In case you haven't noticed, Dr. James Schultz (aka "Doc" Schultz) has been absolutely crushing it on his show "From Theory to Practice."
On an episode titled "Inside Fills," Doc Schultz zeroes in on a topic that builds on a recent blog post covering portfolio management. Dr. Schultz drills down into the execution side of portfolio management. And while the primary focus is guidance on how to work the inside of the bid-ask price spread, the good doctor also passes on some other valuable nuggets of wisdom.
Taking a broader perspective for a moment, imagine a car dealership and its basic business model. Essentially, the dealer buys cars (units) from the factory for one price, and then sells the cars (units) for a higher price. The difference between these prices is the "spread" that the dealership collects which contributes to profit (less overhead).
For example, a dealer buying cars for $15,000/unit from the factory, and then selling them for $20,000/unit to a customer, is making $5,000 per trade.
Market makers may be thought of as dealers of securities operating under a very similar regime. They are buying at one price, and selling at a higher price - the only difference being that in this case the units are financial securities rather than a high-sticker consumer good.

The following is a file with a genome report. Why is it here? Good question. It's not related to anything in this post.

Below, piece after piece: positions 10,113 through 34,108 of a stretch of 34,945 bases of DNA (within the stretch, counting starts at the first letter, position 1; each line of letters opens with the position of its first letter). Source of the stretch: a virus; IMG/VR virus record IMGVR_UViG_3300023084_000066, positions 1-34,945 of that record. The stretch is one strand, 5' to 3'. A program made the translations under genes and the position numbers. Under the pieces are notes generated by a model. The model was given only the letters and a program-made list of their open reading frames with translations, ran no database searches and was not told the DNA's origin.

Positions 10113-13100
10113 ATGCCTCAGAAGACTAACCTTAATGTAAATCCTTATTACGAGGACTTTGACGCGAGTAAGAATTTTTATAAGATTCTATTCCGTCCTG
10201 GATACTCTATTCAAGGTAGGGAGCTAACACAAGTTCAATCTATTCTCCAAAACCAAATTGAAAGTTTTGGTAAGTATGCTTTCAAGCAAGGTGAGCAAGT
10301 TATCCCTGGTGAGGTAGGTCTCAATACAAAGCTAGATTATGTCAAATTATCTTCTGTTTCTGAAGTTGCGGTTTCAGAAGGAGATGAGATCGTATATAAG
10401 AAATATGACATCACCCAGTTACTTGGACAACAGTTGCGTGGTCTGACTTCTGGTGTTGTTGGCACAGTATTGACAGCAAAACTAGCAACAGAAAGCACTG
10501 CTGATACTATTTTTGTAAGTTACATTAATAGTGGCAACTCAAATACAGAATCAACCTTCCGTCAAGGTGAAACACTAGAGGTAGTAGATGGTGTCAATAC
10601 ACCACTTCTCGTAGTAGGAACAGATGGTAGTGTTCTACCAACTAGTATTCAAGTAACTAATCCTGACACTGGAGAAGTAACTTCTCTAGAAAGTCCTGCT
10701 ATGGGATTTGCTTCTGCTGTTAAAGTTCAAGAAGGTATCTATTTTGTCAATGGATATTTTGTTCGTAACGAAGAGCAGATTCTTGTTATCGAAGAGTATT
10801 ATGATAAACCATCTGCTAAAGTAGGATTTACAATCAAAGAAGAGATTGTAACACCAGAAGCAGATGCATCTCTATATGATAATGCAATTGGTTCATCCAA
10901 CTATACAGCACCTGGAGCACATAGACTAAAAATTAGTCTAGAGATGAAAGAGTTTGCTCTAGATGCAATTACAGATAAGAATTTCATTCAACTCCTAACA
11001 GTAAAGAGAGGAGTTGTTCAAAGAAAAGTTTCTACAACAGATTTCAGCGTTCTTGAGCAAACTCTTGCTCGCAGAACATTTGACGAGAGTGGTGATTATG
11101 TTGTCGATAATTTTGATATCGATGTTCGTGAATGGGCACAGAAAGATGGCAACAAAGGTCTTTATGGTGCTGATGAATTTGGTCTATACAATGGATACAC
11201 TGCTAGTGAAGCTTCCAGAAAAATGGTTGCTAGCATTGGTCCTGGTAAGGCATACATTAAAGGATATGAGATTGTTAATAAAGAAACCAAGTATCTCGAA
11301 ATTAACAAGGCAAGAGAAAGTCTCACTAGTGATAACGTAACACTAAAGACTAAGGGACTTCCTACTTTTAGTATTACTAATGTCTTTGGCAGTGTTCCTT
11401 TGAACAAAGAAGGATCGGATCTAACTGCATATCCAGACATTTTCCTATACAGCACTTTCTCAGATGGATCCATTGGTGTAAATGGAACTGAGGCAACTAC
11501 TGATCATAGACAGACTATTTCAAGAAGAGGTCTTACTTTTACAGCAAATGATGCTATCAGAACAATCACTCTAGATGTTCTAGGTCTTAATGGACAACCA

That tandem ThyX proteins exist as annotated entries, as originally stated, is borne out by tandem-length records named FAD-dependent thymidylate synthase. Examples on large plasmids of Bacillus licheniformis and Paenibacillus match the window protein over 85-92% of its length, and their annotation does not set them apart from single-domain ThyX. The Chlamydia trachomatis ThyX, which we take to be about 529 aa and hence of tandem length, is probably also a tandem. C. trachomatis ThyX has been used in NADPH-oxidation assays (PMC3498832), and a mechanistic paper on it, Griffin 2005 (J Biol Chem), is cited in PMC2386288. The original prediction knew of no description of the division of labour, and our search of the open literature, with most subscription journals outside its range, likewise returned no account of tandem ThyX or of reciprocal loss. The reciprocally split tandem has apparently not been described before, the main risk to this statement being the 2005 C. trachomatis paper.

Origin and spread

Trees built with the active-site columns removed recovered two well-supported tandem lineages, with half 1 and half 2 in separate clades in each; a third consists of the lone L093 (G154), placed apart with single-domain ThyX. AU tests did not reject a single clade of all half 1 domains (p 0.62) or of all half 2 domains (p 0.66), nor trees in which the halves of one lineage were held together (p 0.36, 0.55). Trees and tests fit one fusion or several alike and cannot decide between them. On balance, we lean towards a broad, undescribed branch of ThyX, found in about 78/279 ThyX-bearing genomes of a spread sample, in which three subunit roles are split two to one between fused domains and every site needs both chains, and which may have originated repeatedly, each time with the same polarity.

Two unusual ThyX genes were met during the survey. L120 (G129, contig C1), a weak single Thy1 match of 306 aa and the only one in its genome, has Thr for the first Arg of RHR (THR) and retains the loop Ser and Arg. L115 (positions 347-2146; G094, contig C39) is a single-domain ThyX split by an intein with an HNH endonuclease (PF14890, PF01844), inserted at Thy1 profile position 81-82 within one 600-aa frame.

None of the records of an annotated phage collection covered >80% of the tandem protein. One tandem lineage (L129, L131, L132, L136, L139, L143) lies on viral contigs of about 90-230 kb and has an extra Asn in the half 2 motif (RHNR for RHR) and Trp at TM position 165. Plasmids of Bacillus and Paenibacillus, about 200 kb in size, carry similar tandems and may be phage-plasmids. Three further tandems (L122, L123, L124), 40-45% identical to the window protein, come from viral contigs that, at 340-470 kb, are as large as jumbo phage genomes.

For example, if a call option in XYZ has a bid price of $1.00 and an ask price of $1.20, the market maker can collect a profit spread of $0.20 by purchasing on the bid and selling on the ask.
What Dr. Jim recommends on his show is using this understanding of the market to work the middle of the bid-ask spread to optimize your execution. Let's say you had previously sold the option discussed above for $2.00 and you are now seeking to close the position.
Rather than simply paying the offer of $1.20, Doc Schultz is suggesting that you first try to get filled "inside" the market, by bidding $1.10 or $1.15.
While these are only nickels and dimes on a per trade basis, the total savings could be exponentially higher when applied to hundreds or thousands of trades.
We hope you'll take the time to watch Dr. Schultz's full rundown on this topic when your schedule allows.
If you have any questions about "inside fills," we hope you'll follow up with Dr. Schultz directly by reaching out at email@example.com, or using the comment section below.
Thanks for reading!
Sage Anderson has an extensive background trading equity derivatives and managing volatility-based portfolios. He has traded hundreds of thousands of contracts across the spectrum of industries in the single-stock universe.